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Part 1: Avoiding Roof Replacement Problems
Part 2: Roof Replacement Success Requires Research
Part 3: Contractors Key in Roof Replacements
Part 4: Sidebar: Roof Replacements and the Seasons
By James Piper, P.E.
February 2017 -
Roofing Article Use Policy
Most roof replacement projects must go through a bidding process. Selecting a roofing contractor is based heavily on the bids that are submitted, and the most important factor — often the only factor considered — is the cost. But cost does not determine the long-term success of the project. Instead, success depends more on the performance of the installer.
Poor workmanship is one of the leading causes of roof failures, so managers must properly vet the contractor before making a decision. Review bids carefully to make certain the roof system being bid is the one specified.
Equally important is installer certification. Most roof manufacturers certify companies to install their products. As a result of this process, the contractor’s employees receive the proper training in installing the roof, and the manufacturer affirms that the contractor has performed up to its standards on past projects.
Managers also need to make certain the contractor is insured and properly licensed. Just because a contractor says it is does not necessarily make it so. Obtain a certificate of insurance from the contractor as part of the bid package, and confirm it with the insurance company. Similarly, managers must require bidders to provide license information and verify it with the appropriate state or county office.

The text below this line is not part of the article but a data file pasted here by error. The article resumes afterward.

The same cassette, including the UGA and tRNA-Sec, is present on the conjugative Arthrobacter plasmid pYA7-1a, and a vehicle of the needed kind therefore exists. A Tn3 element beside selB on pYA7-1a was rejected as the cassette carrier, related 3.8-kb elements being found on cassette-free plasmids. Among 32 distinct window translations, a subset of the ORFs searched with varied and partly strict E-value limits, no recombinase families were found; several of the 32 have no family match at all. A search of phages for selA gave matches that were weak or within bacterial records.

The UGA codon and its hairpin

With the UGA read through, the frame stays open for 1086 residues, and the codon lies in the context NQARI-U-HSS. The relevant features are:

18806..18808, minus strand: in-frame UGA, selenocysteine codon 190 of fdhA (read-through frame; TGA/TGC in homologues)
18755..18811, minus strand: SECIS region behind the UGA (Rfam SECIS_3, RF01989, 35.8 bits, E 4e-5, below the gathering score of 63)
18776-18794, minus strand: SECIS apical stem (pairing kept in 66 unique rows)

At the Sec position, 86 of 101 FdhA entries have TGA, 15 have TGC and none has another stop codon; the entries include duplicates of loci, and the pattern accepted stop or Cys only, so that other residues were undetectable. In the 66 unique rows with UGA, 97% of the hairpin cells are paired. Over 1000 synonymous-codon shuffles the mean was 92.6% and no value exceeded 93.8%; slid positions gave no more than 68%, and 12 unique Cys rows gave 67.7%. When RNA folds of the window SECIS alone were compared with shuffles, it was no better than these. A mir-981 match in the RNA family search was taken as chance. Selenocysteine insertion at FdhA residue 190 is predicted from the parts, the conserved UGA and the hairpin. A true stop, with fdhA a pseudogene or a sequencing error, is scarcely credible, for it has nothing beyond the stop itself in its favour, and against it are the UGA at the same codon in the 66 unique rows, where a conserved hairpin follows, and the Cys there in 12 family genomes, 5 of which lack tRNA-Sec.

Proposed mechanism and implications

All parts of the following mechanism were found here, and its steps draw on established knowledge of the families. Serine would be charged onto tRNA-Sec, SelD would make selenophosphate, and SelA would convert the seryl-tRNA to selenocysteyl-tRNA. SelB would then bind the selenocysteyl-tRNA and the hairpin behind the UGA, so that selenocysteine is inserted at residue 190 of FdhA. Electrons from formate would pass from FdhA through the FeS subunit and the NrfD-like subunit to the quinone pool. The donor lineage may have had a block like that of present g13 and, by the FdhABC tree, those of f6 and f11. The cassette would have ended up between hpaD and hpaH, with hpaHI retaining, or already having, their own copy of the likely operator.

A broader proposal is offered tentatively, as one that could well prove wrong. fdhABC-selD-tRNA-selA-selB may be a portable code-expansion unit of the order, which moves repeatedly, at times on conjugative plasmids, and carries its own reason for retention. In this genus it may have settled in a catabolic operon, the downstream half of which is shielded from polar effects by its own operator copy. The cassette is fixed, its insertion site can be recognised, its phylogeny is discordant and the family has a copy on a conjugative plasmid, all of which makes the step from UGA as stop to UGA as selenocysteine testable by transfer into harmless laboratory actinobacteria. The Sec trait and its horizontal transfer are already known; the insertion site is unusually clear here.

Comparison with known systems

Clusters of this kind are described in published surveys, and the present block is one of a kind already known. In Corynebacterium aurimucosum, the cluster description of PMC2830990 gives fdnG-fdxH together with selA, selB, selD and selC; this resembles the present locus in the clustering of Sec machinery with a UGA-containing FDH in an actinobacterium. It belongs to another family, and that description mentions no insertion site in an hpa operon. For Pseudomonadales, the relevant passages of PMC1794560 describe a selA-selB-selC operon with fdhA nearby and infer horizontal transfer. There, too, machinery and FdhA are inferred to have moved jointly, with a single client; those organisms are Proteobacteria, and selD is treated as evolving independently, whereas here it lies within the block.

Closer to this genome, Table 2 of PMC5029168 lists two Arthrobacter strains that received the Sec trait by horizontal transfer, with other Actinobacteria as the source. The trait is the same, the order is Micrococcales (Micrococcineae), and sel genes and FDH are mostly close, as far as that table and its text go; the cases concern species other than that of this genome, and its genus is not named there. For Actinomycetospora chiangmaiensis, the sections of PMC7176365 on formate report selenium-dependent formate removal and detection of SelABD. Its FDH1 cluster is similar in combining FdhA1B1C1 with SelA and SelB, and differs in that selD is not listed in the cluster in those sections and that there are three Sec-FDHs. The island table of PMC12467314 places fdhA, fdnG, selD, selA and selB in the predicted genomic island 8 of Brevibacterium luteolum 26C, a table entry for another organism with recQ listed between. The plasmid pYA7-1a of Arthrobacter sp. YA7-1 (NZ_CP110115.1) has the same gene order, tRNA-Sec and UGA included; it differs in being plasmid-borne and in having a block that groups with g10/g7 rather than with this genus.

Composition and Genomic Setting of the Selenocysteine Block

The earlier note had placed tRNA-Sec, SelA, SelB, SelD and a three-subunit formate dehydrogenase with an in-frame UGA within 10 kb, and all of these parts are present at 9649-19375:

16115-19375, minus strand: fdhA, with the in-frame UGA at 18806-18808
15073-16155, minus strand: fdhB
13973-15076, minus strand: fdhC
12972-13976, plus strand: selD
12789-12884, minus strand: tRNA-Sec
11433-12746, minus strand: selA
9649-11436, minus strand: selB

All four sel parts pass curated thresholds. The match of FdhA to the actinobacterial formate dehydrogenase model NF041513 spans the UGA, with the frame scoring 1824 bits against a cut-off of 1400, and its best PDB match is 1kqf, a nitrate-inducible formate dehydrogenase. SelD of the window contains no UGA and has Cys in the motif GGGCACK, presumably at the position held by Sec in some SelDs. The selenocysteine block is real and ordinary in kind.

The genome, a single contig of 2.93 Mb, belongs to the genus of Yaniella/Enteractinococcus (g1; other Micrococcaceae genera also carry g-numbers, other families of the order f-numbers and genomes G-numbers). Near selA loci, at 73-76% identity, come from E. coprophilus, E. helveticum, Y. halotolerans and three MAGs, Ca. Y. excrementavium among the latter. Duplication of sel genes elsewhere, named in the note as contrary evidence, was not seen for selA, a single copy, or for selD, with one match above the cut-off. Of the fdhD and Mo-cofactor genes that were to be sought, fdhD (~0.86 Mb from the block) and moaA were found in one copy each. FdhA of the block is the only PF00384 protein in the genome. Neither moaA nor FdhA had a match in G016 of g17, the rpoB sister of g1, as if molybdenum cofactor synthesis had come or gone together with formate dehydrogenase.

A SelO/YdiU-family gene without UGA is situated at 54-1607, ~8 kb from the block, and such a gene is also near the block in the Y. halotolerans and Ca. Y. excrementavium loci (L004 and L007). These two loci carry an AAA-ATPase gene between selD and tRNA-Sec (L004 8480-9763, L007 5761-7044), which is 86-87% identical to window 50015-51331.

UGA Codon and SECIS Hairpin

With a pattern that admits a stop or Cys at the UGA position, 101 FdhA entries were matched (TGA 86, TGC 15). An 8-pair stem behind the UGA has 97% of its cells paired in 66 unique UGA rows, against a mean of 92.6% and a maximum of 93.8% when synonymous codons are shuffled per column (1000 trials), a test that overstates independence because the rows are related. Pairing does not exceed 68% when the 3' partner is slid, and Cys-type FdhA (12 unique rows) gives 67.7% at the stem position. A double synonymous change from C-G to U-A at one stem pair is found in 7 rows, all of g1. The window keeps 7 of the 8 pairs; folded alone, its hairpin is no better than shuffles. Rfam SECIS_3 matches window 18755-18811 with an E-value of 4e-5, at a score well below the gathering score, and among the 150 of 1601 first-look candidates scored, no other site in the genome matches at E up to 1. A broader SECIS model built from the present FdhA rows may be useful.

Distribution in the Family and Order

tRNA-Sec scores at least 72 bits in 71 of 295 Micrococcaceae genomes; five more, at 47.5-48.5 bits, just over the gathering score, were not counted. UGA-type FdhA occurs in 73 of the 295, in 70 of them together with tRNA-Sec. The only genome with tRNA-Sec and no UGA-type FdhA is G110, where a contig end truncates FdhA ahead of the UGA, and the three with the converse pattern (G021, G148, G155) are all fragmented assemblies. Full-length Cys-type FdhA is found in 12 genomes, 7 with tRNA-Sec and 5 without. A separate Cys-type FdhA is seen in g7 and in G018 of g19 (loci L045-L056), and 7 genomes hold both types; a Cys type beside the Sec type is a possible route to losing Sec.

The bid package also must include information about past projects the contractor has performed and a list of references, as well as the number of years the company have been in business. Each reference should include the type of roof installed and the date of installation, as well as contact information for each reference. Most importantly, managers must contact each reference or, better yet, visit the facility.
Too often, the only factor managers consider or even remember concerning a warranty is its length. Every roof comes with a warranty, yet most warranties bought and paid for by a building owner never have a claim completed against them. While claims might be filed, they often are dismissed, since they are for excluded items or because the owner has failed to meet the requirements necessary to keep the warranty in place.
Warranties spell out the steps owners and managers must take to keep the warranty in effect. Twice yearly inspections, limited foot traffic, debris removal, drain cleaning and prompt repairs all are typical warranty requirements. It is important to read and understand these requirements, and it is equally important to document all activities in the event of a warranty claim.
Before settling on a particular contract, managers also need to read the offered warranty closely. Who issues the warranty, the manufacturer or the installer? This is an important question because it is more likely that the roof manufacturer, not the installer, will be in business over the length of the warranty.
Is the warranty for materials only, or does it include labor? What are the exclusions? Is damage to the facility and its contents covered in the event of a warranty-related roof failure?
When facing a large bill for repair or replacement, a manager does not want to find out that the warranty is worthless or has been voided.
James Piper, P.E., is a national consultant based in Bowie, Md. Piper has more than 30 years of experience with facility maintenance and engineering management issues.